Assault Tactics: AI over board!
Last game clearly showed: A randomized activation of enemy units in solitary play is a nice gimmick but not really anything desireable. But let’s start at the beginning where most things start.
Two weeks ago me and two friends met in order to do a little playtest of Assault Tactics: Fall of the White Eagle. We played with 20mm miniatures on a 6×4 ft. table.
My friends never had played the game before and so I thought it would be nice to play 3 humans vs. solitary rules.
The game was a breakthrough scenario set during the battle at the Bzura river which took place from September 9th to September 19th 1939. Me and my friends were playing the Germans. One armor doctrine plus two infantry doctrines fighting two polish infantry and one cavalry doctrine. The defenders were nicely set up in a town near the river. Only two bridges connected the two sides.
A roll for random events which every player has to do before the real fighting starts, leveled the polish defences up. A minefield was placed on the only hill of the german start sector. Again – this was completely random and decided by rolling the dice. Straight up luck for the Poles. Another roll made the defenders place barbed wire right at the river banks the germans could or even would have crossed. These dice…
The third polish player rolled for performance enhancing drugs usable in turn 2, which guaranteed every unit one free action in every round of the turn. Wow…just wow… If the Poles would have had this kind of luck during their struggle, the war would have ended right there.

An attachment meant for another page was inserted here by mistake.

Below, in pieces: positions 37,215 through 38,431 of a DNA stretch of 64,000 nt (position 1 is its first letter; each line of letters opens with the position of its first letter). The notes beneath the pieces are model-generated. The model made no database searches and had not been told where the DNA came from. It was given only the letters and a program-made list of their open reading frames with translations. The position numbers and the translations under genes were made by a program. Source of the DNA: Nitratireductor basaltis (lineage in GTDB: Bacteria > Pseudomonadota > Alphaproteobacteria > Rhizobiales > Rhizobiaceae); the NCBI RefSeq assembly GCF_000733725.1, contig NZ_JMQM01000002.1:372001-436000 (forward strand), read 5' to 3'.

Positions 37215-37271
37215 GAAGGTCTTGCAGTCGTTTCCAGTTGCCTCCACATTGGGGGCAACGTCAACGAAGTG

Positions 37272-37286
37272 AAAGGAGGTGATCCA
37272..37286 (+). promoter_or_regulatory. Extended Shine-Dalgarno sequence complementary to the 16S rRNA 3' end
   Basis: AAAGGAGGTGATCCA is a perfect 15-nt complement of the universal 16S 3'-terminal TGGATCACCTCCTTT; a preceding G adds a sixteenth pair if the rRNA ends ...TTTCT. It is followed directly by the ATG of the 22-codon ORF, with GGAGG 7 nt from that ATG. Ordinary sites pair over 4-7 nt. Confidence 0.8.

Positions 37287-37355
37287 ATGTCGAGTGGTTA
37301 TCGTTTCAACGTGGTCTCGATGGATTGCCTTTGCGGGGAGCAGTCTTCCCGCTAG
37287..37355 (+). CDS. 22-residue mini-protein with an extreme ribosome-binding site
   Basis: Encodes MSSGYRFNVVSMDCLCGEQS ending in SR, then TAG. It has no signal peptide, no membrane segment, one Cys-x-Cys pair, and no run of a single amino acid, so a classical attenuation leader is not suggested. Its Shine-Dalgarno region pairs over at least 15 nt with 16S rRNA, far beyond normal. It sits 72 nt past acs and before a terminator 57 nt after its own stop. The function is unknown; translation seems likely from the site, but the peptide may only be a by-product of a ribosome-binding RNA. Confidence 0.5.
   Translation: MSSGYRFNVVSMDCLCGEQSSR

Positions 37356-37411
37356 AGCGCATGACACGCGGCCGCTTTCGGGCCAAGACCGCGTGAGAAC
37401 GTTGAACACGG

The Germans rolled for another minefield which they did not place in order not to slow their advance even more, also they rolled for AA defense which they clearly did not need and a field promotion for one of the experienced soldiers to gain one additional Action Point per turn. Well at least something went right there.
However, according to the rules at the time AI units were activated by a certain scheme. Commanders go first, then armored vehicles and support weapons, then veterans and units with most firepower and so on. Their actions were decided by rolling a D6. On many occasions the “decisions” made by the rolls just did not feel right. For example: Two armored cars using cover to their advantage decided to drive towards the enemy and place themselves in the open… in close range which makes it easier for enemy projectiles to penetrate the armor.
Atrocius attack rolls made by all german players throughout the game prevented these cars from getting blown up. Finally one polish tank hit a Panzer IV Ausführung B and made it’s driver panic and drive full speed towards the enemy line and right next to one of the polish car mentioned before. The little fella rolled a shooting activation and hit the side armor of the PIVB which happend to explode and led the Poles to victory.
One might argue that the AI did a very good job. Me and my friends shared the opinion that all of it felt totally random and that it would be better to lay down ground rules for activating enemy units in solitary play, and that the player would have to play both sides. Plus rolling for every AI-decision just made the game painfully long and sucked out almost every bit of dynamic feel. We played for six hours. Most of it was looking up which action the AI had rolled.